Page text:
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Dr. Norma Hogan
Undergraduate students seeking a secondary licensure earn their degrees in other colleges in the university but complete a minor in the College of Education.
Students seeking an Education Minor must complete the Admission Requirements for Teacher
Education to fulfill the program requisites and must meet with an Advisor in the College of Education.
*Please see Program Requirements to view current Programs of Study for the following programs and endorsements.
Teacher Licensure Programs and Other School Service Endorsements
- Earth Science
- School Social Work
Undergraduate and transfer students seeking initial teaching licensure must file a Declaration of Intent in the Office of Student Services (321 Warf-Pickel Hall) and must meet with an advisor in the College of Education Advisement Services. Students who have not filed a Declaration of Intent will not be considered for admission to any teacher education program and are not eligible to enroll in most professional education courses.
The following link provides the Programs of Study for the secondary licensure and school service endorsement areas available through the Department of Curriculum and Instruction. Students interested in these programs must meet with an advisor in the College of Education Advisement Services. The Secondary Education program culminates with a Residency requirement.
Programs of Study (Student Resource Page)
Within the conceptual framework of the College of Education and the Department of Curriculum and Instruction the mission of the secondary education program is best reflected in the theme "Teacher as reflective decision maker." Together with colleagues in the subject disciplines, the faculty in the Department of Curriculum and Instruction are committed to preparing knowledgeable, competent, ethical, and caring educators who are committed to excellence in their professional pursuits.
The faculty responsible for preparing students for K-12 and 7-12 licensure support the adoption and implementation of performance-based standards recommended by national organizations focused on the improvement of teaching and learned societies of the disciplines. As such, the student who seeks to become a teacher candidate in the Secondary Education program will:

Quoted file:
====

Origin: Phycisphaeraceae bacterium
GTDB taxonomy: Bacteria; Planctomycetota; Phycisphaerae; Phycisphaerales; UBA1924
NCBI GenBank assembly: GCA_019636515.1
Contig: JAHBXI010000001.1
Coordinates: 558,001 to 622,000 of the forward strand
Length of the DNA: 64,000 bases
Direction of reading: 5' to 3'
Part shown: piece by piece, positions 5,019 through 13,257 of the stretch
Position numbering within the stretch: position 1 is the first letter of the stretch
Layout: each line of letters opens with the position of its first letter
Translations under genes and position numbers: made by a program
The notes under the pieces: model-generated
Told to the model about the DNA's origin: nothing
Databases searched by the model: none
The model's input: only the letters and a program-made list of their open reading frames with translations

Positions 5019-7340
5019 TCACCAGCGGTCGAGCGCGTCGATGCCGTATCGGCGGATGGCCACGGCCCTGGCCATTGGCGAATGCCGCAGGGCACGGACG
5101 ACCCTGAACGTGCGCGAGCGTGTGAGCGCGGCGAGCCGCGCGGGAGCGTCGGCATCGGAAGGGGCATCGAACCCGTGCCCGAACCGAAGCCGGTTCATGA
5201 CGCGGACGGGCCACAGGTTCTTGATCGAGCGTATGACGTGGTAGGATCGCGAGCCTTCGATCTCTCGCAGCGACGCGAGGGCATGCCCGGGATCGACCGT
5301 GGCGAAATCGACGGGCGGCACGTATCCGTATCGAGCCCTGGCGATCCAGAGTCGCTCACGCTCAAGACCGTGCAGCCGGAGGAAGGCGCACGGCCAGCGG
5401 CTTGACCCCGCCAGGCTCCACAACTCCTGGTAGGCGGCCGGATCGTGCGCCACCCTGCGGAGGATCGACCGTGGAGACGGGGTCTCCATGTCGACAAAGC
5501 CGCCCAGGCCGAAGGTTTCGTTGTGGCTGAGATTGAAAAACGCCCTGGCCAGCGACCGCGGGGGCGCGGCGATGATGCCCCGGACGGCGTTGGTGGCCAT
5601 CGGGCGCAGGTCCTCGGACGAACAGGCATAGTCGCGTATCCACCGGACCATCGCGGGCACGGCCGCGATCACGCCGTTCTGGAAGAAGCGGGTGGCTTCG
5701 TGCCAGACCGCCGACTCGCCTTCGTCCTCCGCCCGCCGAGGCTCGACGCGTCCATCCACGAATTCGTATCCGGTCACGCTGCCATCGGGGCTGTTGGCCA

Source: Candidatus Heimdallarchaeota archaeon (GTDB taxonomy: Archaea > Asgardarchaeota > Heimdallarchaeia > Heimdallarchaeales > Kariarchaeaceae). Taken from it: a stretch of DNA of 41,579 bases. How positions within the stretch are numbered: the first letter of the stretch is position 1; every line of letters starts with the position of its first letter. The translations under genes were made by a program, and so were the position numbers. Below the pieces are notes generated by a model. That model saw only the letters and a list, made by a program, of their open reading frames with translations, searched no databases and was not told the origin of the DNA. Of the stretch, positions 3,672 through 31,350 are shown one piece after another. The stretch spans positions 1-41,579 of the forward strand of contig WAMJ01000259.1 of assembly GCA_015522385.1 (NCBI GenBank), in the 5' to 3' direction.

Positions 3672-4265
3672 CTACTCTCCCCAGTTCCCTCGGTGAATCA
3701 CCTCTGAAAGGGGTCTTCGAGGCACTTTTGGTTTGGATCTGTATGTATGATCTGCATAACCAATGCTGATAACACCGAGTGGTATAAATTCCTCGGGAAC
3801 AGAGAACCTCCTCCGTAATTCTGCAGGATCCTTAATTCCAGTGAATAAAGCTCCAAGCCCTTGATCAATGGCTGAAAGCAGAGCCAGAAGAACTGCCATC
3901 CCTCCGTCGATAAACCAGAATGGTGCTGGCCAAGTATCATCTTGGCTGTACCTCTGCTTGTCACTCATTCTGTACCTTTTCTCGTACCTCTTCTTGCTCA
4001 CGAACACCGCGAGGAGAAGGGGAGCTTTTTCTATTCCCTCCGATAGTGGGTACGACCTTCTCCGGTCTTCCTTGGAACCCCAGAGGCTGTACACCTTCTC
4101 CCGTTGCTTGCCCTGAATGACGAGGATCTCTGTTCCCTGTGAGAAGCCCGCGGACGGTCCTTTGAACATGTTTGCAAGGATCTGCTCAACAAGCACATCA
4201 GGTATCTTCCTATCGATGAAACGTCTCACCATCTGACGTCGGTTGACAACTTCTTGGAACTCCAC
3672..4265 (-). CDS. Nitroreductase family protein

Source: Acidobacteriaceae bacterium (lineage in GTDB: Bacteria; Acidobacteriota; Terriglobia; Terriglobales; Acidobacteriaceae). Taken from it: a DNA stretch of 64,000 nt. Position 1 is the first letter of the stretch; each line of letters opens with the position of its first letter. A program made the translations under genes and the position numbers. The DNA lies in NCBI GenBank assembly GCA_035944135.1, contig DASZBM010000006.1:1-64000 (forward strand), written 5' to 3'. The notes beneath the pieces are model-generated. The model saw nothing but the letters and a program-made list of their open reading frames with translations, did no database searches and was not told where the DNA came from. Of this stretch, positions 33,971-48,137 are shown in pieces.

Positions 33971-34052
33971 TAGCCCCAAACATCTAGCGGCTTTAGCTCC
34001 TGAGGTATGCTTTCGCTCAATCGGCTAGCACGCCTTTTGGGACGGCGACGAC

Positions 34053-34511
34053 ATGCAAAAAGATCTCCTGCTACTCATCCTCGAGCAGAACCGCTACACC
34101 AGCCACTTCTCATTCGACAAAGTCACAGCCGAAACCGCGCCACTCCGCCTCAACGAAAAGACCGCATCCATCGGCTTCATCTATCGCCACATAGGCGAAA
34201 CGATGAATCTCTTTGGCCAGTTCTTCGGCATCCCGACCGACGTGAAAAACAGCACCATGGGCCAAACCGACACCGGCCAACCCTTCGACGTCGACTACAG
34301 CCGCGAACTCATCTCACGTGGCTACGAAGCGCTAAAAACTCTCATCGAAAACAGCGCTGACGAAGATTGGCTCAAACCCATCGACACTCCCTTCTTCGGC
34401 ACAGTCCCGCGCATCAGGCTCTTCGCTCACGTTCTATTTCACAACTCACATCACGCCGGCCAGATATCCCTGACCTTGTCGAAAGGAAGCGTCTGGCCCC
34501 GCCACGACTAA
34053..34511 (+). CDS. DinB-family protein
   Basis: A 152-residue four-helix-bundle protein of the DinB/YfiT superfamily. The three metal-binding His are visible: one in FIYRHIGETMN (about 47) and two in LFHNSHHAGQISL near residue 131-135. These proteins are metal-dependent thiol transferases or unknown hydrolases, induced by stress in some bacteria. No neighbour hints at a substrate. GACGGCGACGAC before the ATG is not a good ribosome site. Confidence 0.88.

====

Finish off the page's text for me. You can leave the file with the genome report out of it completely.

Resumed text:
- understand, know and be able to demonstrate the central concepts, tools of inquiry, and structures of the discipline(s) he or she teaches and can create learning experiences that make these aspects of subject matter meaningful for students;
- understand how early adolescents and young adults learn and develop, and provide learning opportunities that support their intellectual, social and personal development;
- understand how students differ in their approaches to learning and create instructional opportunities that are adapted to diverse learners;
- use a variety of instructional strategies to encourage students' development of critical thinking, problem solving, and performance skills;
- use individual and group motivation and behavior to create a learning environment that encourages positive social interaction, active engagement in learning, and self-motivation;
- demonstrate knowledge of effective verbal, nonverbal, and media communication techniques to foster active inquiry, collaboration, and supportive interaction in the classroom;
- demonstrate knowledge of subject matter, students, the community, and curriculum goals in the planning of instruction;
- use formal and informal assessment strategies to evaluate and ensure the continuous intellectual, social and physical development of the learner, demonstrate reflective practice by continually evaluating the effects of his/her choices and actions on others (students, parents, the learning community), and actively seek out opportunities to grow professionally; and
- demonstrate the ability to foster relationships with school colleagues, parents, and agencies in the larger community to support students' learning and well being.